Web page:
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If we could push the easy button and just take off to complete any bucket list item whenever we felt like it, everyone would have their dream lists completed and I would just shut down this here blog right now!
Sometimes bucket list items don’t get checked off because midway through we decide that something isn’t worth pursuing after all, and that’s okay.
On the other hand, if you find that not finishing something you started is an ongoing theme, then that’s different. In this case, pinpointing underlying issues may be necessary to move things forward.
If it’s procrastination, a New York Times article entitled “Why You Procrastinate (It has Nothing to Do With Self-Control)” reveals that delaying tasks has more to do with not wanting to manage the unpleasant feelings surrounding it.
Why would someone avoid tasks to make a bucket list item happen?
If you tend to put things off because your problem is money-related, think about analyzing your spending. If there are constant surprises in your budget that prevent you from completing bucket list goals, see what is going on, figure out what you can control and make sure you plan for unexpected expenses.
What are Some Unexpected Expenses?
Some unexpected expenses are ones you truly didn’t know were coming such as an accident, anything health-related, natural disasters, job loss, etc. The best way to handle these types of expenses is through insurance or a large amount of savings in an emergency fund.
Other Types of Unexpected Expenses
Unanticipated costs come up. Maybe you didn’t plan on paying for a dental night guard, a broken cell phone or another trip to the vet. That happens. I call these mini-emergencies.
On some level, an unexpected expense can be any purchase you weren’t anticipating. Once my kids started school, there were many expenses I didn’t know about such as multiple fundraisers, a slew of birthday parties, field trips, sports team photos and the list goes on and on.
I found it hard to predict. Though some of them came at the same time of year, it all felt random. It can leave you wondering how to deal with so many expenses.
How to Handle Unexpected Expenses
If you get hit with these types of costs a little too often, see how much it’s costing you by tracking these expenses for 2-3 months. Then consider leaving extra money in your checking account or make a separate savings account to act as a bit of a cushion outside of a regular emergency fund. You can also forego anything that isn’t necessary.
You’ll be better prepared and it won’t derail your regular bills, financial goals or bucket list goals. Don’t forget, there are also irregular expenses that can feel like unexpected expenses even though you know they’re around the corner.
What are Irregular Expenses and Why Do They Feel Like Unexpected Expenses?
Irregular expenses are things you have to pay for regularly that aren’t a part of your monthly budget. They can feel like they fit into the unanticipated category because people tend to forget about them.
Some come to us in bill form such as vehicle registration, insurance, taxes, etc. Other irregular expenses are purchases for haircuts, clothing, gifts, etc. They are also something you pay for on a regular basis, but not monthly. That’s why it can get tricky to have money for them when needed.
Technically, you know they’re all coming at some point, but since they are paid quarterly, annually, seasonally, etc., they tend to fall off the radar. It’s easy to forget about them altogether and not have money set aside to pay for them. It’s a common problem and can constantly keep you from fulfilling your list of dream goals.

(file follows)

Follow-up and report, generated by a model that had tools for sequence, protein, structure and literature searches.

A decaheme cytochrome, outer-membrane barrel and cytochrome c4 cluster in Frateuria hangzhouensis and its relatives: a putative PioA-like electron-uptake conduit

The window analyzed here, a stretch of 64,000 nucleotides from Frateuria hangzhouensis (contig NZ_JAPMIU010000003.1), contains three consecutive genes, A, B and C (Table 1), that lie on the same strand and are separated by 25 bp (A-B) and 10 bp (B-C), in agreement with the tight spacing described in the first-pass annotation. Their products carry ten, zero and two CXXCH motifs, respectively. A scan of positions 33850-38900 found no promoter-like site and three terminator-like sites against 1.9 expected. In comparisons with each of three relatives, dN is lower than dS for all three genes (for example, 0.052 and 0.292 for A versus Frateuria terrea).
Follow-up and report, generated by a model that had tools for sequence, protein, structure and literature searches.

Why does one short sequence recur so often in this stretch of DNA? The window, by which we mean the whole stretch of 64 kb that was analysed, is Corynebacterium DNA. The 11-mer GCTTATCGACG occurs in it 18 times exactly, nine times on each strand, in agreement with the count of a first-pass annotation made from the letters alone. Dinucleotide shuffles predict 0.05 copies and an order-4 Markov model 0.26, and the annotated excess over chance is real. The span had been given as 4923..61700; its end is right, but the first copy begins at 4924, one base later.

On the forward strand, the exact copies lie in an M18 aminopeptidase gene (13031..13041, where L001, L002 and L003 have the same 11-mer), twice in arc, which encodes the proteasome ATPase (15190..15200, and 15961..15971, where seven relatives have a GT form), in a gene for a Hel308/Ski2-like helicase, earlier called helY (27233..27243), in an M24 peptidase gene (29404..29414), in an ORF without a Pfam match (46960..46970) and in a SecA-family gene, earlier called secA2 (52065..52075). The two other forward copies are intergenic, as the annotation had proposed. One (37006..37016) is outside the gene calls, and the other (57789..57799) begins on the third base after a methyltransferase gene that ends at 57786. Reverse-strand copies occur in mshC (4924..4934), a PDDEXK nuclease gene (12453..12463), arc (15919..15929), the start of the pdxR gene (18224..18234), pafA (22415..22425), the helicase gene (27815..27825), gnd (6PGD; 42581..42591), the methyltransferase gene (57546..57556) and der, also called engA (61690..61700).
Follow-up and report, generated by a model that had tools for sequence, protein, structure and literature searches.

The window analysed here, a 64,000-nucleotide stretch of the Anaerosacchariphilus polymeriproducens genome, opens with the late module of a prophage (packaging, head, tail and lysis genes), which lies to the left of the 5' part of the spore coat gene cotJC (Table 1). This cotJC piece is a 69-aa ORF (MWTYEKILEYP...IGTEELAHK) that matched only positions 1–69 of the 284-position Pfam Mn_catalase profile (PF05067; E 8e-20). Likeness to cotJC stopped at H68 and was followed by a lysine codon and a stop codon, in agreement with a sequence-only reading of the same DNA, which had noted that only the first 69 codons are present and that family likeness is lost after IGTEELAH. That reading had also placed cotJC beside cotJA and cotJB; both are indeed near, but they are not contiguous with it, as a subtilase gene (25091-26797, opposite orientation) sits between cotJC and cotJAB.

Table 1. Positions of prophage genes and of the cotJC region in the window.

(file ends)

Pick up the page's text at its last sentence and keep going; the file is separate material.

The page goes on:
How to Budget for Irregular Expenses
Though irregular expenses like an insurance bill, emissions testing or vehicle registration fee can take you by surprise, think about pulling money out of each paycheck to save for them when the bills come due. You’ll have the money to pay them without throwing things off.
Identify any irregular recurring bills for the year. Add them all up. If your paycheck comes weekly, then divide the total number by 52 (number of weeks in a year). Put that amount away every time you get paid in a separate account just for irregular bills.
Let’s pretend your irregular recurring bills for the year are $5000. Divide $5000 by 52. The answer is $96.15. That is the amount you would put away weekly to have money waiting to pay upcoming bills.
If you receive biweekly checks, divide the total by 26 (half of 52) and put that amount away bi-weekly. You can also get the monthly amount by dividing by 12. No matter how you do it, you just have to decide when to transfer the money. You can treat it as if it were a monthly bill. Experiment and see what works best.
No matter when you pull the money out, consider automating the transfer so you don’t have to think about it. If you want to be super nerdy and do this for other irregular expenses such as haircuts, holidays, Fantasy Football, etc., then you can make a separate account for those irregular expenses as well.
I use Capitol One 360. It’s an online bank that allows you to open up multiple accounts to organize your money better. You can see everything in one spot. I’ve been using it for years and can’t recommend it enough. Learn more about opening up a Capitol One account here.
Once I did this, there were fewer curve balls and I could have regular spending money to pursue bucket list ideas. My plans didn’t get put on hold anymore and mini emergencies like repairs weren’t so hard to handle.
Being able to do things that are on your bucket list can be an exhilarating feeling. And while unforeseen or unexpected events can sometimes get in the way, don’t let irregular expenses that you can plan for be one of those. By being proactive and account for those expenses monthly, you can manage to still focus on your bucket list dreams.
If this helped you, please share it on social. Then we’re even Steven. Okay?